For asymptomatic patients, 10 days of isolation is recommended from the first positive PCR test and up to 20 days for severely immunocompromised patients. Moreover, CDC recommends avoiding test-based clearance given the evidence that people with persistently positive PCR tests are not contagious. Test-based clearance should be reserved for rare cases when there is a need to discontinue isolation early, or potentially to inform a decision to prolong isolation for severely immunocompromised patients.   

In our review, we note that additional data confirming these findings in larger and more diverse cohorts are needed to provide further reassurance as to the safety of discontinuing isolation for critically ill, substantially immunocompromised, and otherwise high-risk patients, and to define the optimal approach to retesting and isolation in patients who have recovered from covid-19.


Conundrum of data collection. The CDC and HHS continue to fight

The Centers for Disease Control and Prevention (CDC) has long been the federal government's resource on disease control and prevention—appropriately enough. So it made sense that the CDC was tasked with collecting coronavirus hospital data early on in the pandemic to track the disease's spread and impact. In late July, however, the White House redirected the reporting of this data to the U.S. Department of Health and Human Services (HHS), which was immediately met with concerns regarding lack of data transparency and even basic access to previously submitted information. These concerns proved justified when officials across the country faced difficulties or impossibilities of using the new system, which is why Dr. Deborah Birx's announcement of the reinstatement of the CDC as the data aggregator was met with approval. But now, in a further confusing and duplicative move, the Centers for Medicare and Medicaid Services (CMS) Administrator Seema Verma has threatened to revoke Medicare and Medicaid funding to hospitals that do not report patient data and test results to HHS. While claiming this as a "dramatic acceleration" of efforts to track the pandemic, it remains to be seen what a second set of data will accomplish that the CDC collection process does not.  Various.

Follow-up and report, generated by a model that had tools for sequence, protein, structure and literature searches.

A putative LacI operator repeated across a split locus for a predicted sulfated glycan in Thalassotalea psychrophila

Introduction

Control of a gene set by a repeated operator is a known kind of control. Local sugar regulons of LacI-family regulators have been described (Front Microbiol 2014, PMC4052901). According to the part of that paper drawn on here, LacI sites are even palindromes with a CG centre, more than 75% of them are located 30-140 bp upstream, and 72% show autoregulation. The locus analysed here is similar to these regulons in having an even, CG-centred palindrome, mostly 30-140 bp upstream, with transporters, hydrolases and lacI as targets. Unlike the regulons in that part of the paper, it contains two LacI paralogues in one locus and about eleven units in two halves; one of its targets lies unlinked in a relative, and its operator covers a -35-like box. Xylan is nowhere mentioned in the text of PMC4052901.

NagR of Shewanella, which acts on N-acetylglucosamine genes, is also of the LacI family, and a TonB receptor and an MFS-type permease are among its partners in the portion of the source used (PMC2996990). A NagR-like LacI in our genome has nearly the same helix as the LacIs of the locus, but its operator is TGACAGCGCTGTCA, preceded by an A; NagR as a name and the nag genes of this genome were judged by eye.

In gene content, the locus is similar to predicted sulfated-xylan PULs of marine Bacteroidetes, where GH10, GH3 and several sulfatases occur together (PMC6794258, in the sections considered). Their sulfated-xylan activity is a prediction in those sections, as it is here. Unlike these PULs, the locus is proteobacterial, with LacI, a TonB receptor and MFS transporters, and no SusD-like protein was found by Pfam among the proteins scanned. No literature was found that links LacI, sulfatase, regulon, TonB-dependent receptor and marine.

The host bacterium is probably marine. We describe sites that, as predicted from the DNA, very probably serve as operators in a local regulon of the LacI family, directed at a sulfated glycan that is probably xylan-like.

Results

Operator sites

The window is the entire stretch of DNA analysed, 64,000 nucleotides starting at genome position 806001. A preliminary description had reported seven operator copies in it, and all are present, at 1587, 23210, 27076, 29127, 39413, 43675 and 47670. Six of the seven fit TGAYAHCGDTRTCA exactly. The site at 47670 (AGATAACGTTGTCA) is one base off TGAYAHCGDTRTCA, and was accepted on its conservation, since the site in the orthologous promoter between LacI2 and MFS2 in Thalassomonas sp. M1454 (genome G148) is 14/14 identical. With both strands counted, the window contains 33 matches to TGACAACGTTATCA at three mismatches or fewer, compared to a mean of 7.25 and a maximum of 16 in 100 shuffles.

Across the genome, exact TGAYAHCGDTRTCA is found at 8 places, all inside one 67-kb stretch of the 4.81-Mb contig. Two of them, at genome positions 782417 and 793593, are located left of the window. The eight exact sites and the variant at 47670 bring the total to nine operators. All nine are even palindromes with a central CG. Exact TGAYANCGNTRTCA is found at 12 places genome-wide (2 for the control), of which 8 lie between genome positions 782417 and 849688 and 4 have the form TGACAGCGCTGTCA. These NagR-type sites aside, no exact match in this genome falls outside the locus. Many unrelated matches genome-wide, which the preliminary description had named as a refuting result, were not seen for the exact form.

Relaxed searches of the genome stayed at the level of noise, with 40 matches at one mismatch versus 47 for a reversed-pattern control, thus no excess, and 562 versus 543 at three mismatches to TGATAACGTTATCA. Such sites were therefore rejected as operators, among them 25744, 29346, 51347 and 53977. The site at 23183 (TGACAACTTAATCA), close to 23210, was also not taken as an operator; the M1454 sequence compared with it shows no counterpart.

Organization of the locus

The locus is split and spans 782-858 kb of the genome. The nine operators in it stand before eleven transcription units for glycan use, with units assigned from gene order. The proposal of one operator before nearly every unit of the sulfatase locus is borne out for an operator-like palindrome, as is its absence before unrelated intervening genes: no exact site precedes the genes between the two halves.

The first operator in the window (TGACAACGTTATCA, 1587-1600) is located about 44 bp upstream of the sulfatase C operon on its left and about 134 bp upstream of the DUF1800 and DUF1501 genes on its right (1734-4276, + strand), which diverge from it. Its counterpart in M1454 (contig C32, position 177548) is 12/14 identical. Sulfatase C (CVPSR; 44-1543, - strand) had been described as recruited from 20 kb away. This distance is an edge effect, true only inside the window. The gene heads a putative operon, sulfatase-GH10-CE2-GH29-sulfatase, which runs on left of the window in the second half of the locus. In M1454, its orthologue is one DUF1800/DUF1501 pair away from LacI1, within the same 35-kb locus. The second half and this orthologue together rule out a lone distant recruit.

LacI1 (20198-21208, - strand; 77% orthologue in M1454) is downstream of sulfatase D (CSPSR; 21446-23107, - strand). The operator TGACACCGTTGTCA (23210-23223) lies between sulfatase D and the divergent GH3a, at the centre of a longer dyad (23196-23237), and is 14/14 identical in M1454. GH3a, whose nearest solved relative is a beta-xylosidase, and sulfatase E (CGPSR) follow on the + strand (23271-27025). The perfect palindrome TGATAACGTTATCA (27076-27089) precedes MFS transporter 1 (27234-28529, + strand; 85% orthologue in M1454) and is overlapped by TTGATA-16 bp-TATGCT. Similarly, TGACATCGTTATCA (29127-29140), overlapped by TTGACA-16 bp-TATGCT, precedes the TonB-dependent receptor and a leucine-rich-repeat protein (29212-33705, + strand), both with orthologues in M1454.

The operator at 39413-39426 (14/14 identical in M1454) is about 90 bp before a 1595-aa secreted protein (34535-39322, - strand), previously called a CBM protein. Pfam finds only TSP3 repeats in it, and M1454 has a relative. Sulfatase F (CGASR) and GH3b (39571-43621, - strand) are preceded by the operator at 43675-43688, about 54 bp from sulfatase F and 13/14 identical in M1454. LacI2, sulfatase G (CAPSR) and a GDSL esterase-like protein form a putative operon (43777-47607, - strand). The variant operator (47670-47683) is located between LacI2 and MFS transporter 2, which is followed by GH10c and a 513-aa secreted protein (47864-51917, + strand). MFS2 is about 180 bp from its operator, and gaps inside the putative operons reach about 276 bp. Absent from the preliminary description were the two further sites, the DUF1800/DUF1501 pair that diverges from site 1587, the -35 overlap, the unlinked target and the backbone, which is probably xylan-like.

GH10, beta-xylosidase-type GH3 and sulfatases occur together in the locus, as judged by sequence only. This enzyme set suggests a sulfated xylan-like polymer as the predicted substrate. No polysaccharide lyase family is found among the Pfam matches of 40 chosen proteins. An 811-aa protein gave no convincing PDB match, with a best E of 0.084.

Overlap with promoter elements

CDC walks back guidance against testing asymptomatic people

This week, the Centers for Disease Control and Prevention released new guidance stating that individuals exposed to persons known to have the novel coronavirus need not be tested if no symptoms occur. No evidence, old or new, was provided to support this highly dangerous and reckless change in policy. Experts immediately spoke out, including former CDC Director Tom Frieden. Today, the CDC walked back the policy. Various.